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Wednesday, 16 May 2018 08:39

US names suspect in Vault 7 leaks, but unable to file charges Featured


The US Government has named a suspect in the theft of documents from the CIA, which WikiLeaks released under the name Vault 7 from March last year, but has been unable to file charges against the man even though he has been detained since a week after the first leak.

Reports in both The New York Times and the Washington Post said the man, Joshua Schulte, had worked for both the CIA and the NSA. the latter as an intern.

In August last year, authorities filed child pornography charges against Schulte, who is in a jail in Manhattan, after claiming to have found 10,000 illicit images on a server that he had set up in 2009 while studying at the University of Texas in Austin.

The Vault 7 leaks, touted by WikiLeaks as the biggest dump of CIA secrets, ended in September last year. Nothing that was leaked has been considered as damaging as the NSA exploits leaked by a group known as the Shadow Brokers in April 2016.

When Schulte's apartment was searched, a week after the first Vault 7 dump on 7 March, the search warrant application said he was suspected of “distribution of national defence information". Agents told the court they had found “NSA and CIA paperwork” in addition to a computer, tablet, phone and other electronics.

He was released in September but arrested in December when it was found that he had violated the rules governing his release.

An assistant US attorney, Matthew Larouche, claimed during a court hearing in January that “the government immediately had enough evidence” to investigate Schulte as a suspect in the Vault 7 leaks. But to this day, no charges have been brought against Schulte in the Vault 7 leaks investigation.

Last week, Schulte's lawyer, Sabrina Shroff, told a court that a deadline should be set for the government to file charges on the allegation that he was behind the CIA leaks.

“This case has been dragging since August 2017,” Shroff told the NYT in an interview. “The government should be required to indict so Mr Schulte has the opportunity to defend himself. Otherwise he is just languishing.”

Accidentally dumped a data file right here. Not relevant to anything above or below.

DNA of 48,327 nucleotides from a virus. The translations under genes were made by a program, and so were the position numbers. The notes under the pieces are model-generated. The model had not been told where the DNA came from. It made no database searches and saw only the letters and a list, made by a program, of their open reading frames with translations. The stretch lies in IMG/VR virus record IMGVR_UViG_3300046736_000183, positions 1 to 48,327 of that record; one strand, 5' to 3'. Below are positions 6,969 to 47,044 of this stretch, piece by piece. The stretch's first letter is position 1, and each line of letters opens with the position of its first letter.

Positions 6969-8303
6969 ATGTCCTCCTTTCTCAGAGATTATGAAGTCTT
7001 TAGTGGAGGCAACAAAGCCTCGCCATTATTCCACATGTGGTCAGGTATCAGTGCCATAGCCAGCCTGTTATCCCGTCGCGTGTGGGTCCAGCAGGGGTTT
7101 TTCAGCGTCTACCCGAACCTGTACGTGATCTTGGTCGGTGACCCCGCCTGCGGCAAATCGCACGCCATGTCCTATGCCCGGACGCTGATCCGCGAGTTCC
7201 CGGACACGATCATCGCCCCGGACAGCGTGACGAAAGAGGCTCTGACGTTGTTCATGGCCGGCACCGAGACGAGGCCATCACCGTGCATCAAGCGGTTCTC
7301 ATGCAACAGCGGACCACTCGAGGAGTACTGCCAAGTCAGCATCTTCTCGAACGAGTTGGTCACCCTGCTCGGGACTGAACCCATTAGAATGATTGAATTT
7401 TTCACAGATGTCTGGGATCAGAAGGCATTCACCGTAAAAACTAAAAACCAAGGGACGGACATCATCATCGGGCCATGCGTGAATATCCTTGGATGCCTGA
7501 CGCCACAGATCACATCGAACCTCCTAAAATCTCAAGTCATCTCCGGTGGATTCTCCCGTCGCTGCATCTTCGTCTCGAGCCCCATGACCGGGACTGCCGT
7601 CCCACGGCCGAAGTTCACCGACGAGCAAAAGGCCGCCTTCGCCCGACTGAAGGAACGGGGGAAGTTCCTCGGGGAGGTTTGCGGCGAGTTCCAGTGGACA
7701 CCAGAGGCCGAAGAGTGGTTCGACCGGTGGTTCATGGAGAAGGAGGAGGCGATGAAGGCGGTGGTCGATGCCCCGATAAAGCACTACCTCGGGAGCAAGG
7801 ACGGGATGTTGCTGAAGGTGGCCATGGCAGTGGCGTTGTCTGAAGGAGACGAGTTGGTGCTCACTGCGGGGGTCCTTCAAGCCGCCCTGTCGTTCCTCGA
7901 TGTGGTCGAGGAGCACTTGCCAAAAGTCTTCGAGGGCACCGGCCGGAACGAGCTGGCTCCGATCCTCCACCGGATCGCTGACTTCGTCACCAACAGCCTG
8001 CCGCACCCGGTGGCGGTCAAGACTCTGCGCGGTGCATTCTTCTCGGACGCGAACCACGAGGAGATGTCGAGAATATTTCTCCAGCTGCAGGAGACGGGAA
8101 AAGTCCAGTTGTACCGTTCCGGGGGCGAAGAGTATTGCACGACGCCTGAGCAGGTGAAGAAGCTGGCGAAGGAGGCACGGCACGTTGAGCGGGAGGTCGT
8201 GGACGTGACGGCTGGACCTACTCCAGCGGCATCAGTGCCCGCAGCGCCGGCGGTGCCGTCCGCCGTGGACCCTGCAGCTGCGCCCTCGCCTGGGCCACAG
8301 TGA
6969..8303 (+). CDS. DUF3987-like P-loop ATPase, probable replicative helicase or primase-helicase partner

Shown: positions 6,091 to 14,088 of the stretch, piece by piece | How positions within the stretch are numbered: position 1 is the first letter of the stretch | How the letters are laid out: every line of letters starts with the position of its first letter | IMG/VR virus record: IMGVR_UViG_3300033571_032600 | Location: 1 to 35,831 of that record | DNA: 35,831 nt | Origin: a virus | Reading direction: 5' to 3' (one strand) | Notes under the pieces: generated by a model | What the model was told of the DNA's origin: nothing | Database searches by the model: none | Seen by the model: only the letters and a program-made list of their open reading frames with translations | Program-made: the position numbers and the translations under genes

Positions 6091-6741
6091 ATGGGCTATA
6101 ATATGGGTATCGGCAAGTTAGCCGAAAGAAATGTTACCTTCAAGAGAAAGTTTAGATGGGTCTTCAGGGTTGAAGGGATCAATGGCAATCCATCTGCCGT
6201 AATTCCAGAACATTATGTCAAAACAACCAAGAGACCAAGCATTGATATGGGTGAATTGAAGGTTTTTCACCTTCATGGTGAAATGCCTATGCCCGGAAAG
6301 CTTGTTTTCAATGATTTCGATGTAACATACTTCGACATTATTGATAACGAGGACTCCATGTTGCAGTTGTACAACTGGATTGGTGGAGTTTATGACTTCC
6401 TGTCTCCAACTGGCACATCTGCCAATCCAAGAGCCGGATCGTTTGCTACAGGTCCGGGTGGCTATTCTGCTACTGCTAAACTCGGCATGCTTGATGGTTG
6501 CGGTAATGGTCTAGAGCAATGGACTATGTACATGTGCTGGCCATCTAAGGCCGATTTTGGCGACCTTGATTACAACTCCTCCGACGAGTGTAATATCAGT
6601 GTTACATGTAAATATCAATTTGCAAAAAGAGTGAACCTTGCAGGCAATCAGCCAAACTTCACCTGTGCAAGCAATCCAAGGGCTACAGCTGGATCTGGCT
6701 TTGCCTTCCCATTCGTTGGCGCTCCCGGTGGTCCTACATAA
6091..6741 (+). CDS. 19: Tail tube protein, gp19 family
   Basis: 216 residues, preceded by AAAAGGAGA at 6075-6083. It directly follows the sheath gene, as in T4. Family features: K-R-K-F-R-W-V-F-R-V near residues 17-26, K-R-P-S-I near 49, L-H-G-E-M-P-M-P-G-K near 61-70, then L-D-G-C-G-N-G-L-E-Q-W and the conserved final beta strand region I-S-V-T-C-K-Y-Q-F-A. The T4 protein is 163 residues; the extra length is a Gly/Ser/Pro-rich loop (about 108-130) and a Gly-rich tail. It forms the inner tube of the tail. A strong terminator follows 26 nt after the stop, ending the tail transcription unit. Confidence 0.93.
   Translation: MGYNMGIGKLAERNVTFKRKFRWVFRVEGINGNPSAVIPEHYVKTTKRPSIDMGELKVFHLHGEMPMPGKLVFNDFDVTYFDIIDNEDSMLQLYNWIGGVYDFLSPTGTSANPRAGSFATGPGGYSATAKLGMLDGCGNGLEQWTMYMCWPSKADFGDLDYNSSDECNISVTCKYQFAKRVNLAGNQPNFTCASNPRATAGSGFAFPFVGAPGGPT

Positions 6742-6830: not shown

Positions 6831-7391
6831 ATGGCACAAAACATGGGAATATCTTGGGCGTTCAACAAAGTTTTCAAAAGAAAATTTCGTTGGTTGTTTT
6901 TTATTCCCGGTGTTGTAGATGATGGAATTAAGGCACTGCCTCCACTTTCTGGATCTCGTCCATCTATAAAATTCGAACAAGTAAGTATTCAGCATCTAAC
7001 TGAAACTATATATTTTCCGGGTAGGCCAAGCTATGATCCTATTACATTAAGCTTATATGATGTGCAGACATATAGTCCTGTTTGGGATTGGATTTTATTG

Schulte's father, Roger, said he was scared to death. "“I think he’s innocent of all these crimes, as far as everything I’ve seen,” he added.

Roger said his son was in college when he set up the server later claimed to contain child pornography, and that he “had so many people accessing it he didn’t care what people put on it”.

According to Schulte's LinkedIn page, he was an intern at the NSA while studying. He worked in the CIA's Engineering Development Group which designed the hacking tools used by its Centre for Cyber Intelligence. After quitting the CIA in November 2016 — according to Roger he had complained about security vulnerabilities at the agency — he joined Bloomberg as a software engineer.

The NYT quoted Nicholas Weaver, a researcher at the International Computer Science Institute in California, as saying that WikiLeaks had magnified the danger posed by the Vault 7 leaks and that the tools were aimed only at small groups of high-value targets.

Weaver added that the fact the leak could happen was more significant as it came well after NSA whistleblower Edward Snowden released masses of documents in 2013 about the agency's surveillance of American citizens.


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Sam Varghese

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Sam Varghese has been writing for iTWire since 2006, a year after the site came into existence. For nearly a decade thereafter, he wrote mostly about free and open source software, based on his own use of this genre of software. Since May 2016, he has been writing across many areas of technology. He has been a journalist for nearly 40 years in India (Indian Express and Deccan Herald), the UAE (Khaleej Times) and Australia (Daily Commercial News (now defunct) and The Age). His personal blog is titled Irregular Expression.



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